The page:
- The Washington Times - Monday, March 19, 2007

BAGHDAD — Iraqi psychiatrists are seeing what they call a disturbing spike in mental health disorders as terrorism, an armed insurrection and a bloody sectarian divide grip the country. Escalating psychiatric caseloads are compounded by Iraq’s lack of mental health workers, facilities and services.

Several mental health care professionals say the number of untreated or undertreated people nationwide reaches into the millions, and the consequences could permanently damage generations.

“Iraqis are being traumatized every day,” said Said Al-Hashimi, a psychiatrist who runs a private clinic and teaches at Mustansiriya Medical School in Baghdad. “No one knows what will result from living through this continuous trauma on a daily basis.”

The government-run Ibn Rushd psychiatric center in the Iraqi capital provides startling examples of people looking for help.

In a sparsely furnished office at the hospital, Iraqis file in to describe their ailments to Haider Adel Ali, a somber psychiatrist.

Fanzia Jaafer, a 65-year-old housewife, has suffered from severe depression and suicidal thoughts since viewing the corpse of her son, whose head was nearly torn off by gunfire in late 2003.

Sundes Al-Dulaimi, 27, said she has suffered chronic headaches, insomnia, loss of appetite and panic attacks after her 55-year-old father was killed by a Shi’ite militia in June.

Zaman Al-Keelany, 15, has experienced flashbacks of a rocket destroying a building in her neighborhood. The high school freshman said she has managed to continue her studies but breaks down whenever she hears a loud noise.

Although there is no reliable research on the state of Iraqis’ mental health, the preliminary results of a survey of 10,000 primary school students in the Sha’ab section of northern Baghdad, conducted by the Iraqi Society of Psychiatrists and the World Health Organization, reveals startling and widespread problems.

The study, which has not been published, found that at least 70 percent of students were suffering from trauma-related symptoms, said Mohammed Al-Aboudi, Iraq’s national mental health adviser.

Dr. Al-Aboudi said the survey was repeated because of the unusually high numbers. The second results were similar.

Ten-year-old Ahmed Al-Dulaimi is one of the young Iraqis struggling to function.

Ahmed, who enjoys playing soccer and is computer savvy, stopped talking and refused to eat or drink when his family moved last year from their western Baghdad home to Fallujah for three months after receiving a threatening letter with a bullet enclosed.

They have since returned to Baghdad and say Ahmed’s condition is improving. But Ahmed is still receiving treatment at Ibn Rushd, and Dr. Ali, has prescribed antidepressants and advised his family to prevent Ahmed from watching violence on TV.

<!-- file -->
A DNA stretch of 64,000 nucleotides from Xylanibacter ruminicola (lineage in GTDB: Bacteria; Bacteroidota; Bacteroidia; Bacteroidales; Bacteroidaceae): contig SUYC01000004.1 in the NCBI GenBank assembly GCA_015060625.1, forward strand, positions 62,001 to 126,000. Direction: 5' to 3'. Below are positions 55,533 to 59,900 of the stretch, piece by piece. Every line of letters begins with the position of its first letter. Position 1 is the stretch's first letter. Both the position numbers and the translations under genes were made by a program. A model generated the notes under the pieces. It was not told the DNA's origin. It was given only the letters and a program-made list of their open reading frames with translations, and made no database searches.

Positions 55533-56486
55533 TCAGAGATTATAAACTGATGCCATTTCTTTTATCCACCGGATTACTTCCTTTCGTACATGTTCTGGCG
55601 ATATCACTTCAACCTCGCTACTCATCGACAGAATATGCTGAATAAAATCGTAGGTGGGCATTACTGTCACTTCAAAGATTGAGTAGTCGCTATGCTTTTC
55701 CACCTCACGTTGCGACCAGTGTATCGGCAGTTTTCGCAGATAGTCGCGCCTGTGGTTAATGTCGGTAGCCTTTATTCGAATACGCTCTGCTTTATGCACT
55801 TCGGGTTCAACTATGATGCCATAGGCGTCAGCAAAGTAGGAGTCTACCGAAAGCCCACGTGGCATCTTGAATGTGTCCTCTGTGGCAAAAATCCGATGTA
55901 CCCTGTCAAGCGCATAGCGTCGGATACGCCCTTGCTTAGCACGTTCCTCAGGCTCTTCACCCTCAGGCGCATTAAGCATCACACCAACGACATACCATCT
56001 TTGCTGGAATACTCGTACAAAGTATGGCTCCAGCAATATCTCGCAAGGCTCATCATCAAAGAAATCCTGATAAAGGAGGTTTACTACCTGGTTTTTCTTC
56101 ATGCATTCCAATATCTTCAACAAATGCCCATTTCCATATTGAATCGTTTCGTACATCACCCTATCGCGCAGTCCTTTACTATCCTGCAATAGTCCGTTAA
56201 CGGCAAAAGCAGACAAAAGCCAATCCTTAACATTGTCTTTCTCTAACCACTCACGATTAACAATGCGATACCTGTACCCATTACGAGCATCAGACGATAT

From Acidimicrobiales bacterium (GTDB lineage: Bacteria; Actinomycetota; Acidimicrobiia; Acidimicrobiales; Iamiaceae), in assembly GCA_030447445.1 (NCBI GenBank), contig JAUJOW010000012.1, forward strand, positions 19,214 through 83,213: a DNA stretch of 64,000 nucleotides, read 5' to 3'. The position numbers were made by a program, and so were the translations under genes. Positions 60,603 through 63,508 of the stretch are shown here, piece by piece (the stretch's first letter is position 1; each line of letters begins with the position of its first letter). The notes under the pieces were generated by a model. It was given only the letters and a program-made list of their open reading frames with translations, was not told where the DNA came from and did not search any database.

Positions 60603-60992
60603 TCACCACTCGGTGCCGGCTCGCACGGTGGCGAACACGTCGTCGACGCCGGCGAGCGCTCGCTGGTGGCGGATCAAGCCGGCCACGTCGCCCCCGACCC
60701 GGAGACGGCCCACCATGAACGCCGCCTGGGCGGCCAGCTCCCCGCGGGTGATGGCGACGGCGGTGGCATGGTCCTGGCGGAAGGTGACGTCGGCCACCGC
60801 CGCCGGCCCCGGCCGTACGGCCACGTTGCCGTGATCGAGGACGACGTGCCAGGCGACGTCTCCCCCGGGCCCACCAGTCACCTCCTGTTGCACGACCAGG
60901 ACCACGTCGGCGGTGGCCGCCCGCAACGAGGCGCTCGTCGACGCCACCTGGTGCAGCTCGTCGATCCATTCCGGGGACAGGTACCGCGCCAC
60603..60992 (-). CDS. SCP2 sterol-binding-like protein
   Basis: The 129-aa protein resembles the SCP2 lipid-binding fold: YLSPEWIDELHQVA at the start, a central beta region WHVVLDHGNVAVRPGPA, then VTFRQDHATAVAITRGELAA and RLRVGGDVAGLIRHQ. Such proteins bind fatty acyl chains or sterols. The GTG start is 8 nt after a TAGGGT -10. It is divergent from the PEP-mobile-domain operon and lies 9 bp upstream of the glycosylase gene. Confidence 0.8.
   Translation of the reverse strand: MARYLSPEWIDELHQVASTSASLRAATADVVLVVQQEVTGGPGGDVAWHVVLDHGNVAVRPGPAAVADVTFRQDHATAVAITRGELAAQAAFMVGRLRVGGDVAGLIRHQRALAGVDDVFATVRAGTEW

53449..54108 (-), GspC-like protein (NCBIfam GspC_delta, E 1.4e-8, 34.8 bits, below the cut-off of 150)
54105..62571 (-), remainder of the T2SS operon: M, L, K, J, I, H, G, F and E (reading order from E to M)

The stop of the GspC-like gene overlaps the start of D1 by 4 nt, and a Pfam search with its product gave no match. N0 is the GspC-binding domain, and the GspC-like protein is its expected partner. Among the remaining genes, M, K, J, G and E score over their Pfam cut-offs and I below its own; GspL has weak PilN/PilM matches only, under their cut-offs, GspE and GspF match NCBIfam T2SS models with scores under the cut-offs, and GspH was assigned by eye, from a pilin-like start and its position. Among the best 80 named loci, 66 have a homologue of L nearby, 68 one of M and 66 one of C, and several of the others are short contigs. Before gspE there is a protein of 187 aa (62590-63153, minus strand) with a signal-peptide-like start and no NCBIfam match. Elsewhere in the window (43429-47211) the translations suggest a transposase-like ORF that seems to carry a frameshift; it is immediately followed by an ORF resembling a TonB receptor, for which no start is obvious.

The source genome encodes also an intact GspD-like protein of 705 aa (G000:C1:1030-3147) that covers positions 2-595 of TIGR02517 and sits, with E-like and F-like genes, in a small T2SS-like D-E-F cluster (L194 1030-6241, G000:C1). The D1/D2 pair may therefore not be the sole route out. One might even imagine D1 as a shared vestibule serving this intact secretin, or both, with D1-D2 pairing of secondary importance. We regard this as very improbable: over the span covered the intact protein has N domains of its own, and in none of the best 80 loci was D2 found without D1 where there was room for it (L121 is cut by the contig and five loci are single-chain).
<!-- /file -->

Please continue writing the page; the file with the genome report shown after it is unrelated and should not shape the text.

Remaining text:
“I look into the eyes of children whose parents have been killed or are imprisoned every day,” said Nadal Al-Shamri, a pediatrician at the Medical City health complex in Baghdad. “The psychological trauma is so deeply ingrained in some children that they may never lead a normal life.”

Dr. Al-Shamri said his 7-year-old son suffered an apparent nervous breakdown last year and stopped eating after a friend’s father was killed.

“It’s difficult for me to eat after watching him cry,” Dr. Al-Shamri said.

Iraq’s psychiatrists, like most medical professionals here, are suffering from shortages in training and funding. There are no psychotherapy or crisis centers, and Ibn Rushd is the only psychiatric hospital in the capital of 6 million people.

Patients at Ibn Rushd receive free treatment and medication, but those who can afford care at a private clinic pay about 5,000 Iraqi dinars, nearly $4, for visits that usually last 30 minutes to an hour.

A shortage of prescription medicines has resulted in a Health Ministry order limiting treatments to 10 days.

There is a similar shortage of psychiatrists, who are among the professionals and intellectuals making a mass exodus from Iraq in response to a campaign of intimidation against them.

Dr. Al-Aboudi, who also heads the Iraqi Society of Psychiatrists, estimates that at least 140 of the country’s 200 psychiatrists either were killed or fled in the past four years.

Dr. Ali, who earns only $300 monthly, is among the psychiatrists determined to remain, and he has the scars to prove his courage: two bullet wounds in his right arm from an assassination attempt at his clinic last year.

Remarking on Iraq’s diminishing psychiatric resources, he said, “There is little interest from the government. We ask for training and assistance but get nothing.”

While seeing a string of patients one morning last month, Dr. Ali offered advice, prescriptions and, perhaps most important, compassion.

Mrs. Jaafer, the housewife with suicidal thoughts, was cloaked in a traditional black abaya and clutching a white tissue in her right hand as she sat on a chair adjacent to Dr. Ali’s desk and described the difficulties of coping with the death of her 29-year-old son, Haider, more than three years ago.

“Whenever I remember seeing his body at the morgue, I start to cry,” she said.

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